OPENING RECEPTION: 1ST THURSDAY, JUNE 1, 2017, FROM 5 - 8PM
Sullivan Goss is bringing a taste of the historic L.A. art scene to its Santa Barbara gallery in time for summer. With all of the media focus on Los Angeles as a new global art capital, the curators at Sullivan Goss thought it would be fun to dig through the gallery’s inventory to find some context for the city’s emergence. How did L.A. get to be such an important art center? Angelenos will have to drive north to find out.
Much of the City’s art history lies buried between two great stories. One story relates to the development of Los Angeles as a capital of plein air Impressionism. The other story relates to the so-called Cool School that was centered around Venice Beach and the infamous Ferus Gallery on La Cienega. The stretch between Impressionism and the Cool School – the 30s, 40s, and early 50s – is frequently overlooked. That period saw the simultaneous rise of a nationally known Regionalism as well as the import of international Modernist styles like Expressionism and Cubism. Some of the teachers associated with these movements ended up instructing the later generations. They helped the greater Los Angeles area develop a gallery network, collectors, and museums.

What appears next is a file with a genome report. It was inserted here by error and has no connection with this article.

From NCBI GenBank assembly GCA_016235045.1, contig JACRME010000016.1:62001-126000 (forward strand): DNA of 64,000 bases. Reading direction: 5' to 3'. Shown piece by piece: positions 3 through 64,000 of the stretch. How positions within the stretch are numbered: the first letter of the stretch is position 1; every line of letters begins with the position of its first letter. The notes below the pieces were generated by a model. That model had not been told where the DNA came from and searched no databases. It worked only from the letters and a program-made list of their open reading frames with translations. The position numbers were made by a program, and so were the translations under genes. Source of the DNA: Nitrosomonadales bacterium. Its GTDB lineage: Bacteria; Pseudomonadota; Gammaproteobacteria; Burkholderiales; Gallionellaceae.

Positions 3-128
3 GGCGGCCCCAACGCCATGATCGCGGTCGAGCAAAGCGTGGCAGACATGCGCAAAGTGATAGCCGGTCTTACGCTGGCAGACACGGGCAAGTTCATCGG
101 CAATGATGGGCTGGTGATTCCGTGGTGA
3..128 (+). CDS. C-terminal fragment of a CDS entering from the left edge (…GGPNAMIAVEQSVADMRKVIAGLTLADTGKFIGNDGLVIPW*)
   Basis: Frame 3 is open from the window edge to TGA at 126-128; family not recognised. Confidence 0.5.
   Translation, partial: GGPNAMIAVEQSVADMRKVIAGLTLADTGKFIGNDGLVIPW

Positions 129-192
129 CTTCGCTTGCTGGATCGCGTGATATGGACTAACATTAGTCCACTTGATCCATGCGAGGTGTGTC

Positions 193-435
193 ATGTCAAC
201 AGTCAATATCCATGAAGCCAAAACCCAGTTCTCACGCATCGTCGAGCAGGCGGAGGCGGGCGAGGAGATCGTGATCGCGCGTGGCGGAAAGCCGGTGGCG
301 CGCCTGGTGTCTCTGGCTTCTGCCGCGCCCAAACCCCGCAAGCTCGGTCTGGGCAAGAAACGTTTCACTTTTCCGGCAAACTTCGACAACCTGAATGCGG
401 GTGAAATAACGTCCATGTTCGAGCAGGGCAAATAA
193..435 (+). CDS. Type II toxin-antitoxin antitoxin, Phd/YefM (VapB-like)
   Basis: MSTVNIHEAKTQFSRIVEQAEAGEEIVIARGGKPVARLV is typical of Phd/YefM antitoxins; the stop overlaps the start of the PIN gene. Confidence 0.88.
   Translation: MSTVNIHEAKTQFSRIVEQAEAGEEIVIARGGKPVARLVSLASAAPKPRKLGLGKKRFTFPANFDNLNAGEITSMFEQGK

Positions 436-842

Of course, the film industry – and Disney in particular – were also instrumental in growing a visual arts culture in L.A. Among the artists in this exhibition who worked for them are Richmond Kelsey, Ben Messick, and Irv Wyner – though Richard Haines is known to have given classes to Disney artists.
Over the past thirty-three years, Sullivan Goss has mounted at least forty solo exhibitions for L.A. artists , as well as nine thematic exhibitions devoted to the area. In other words, L.A. has been prominently represented in S.B. for a while.
2:15 | Jeremy Tessmer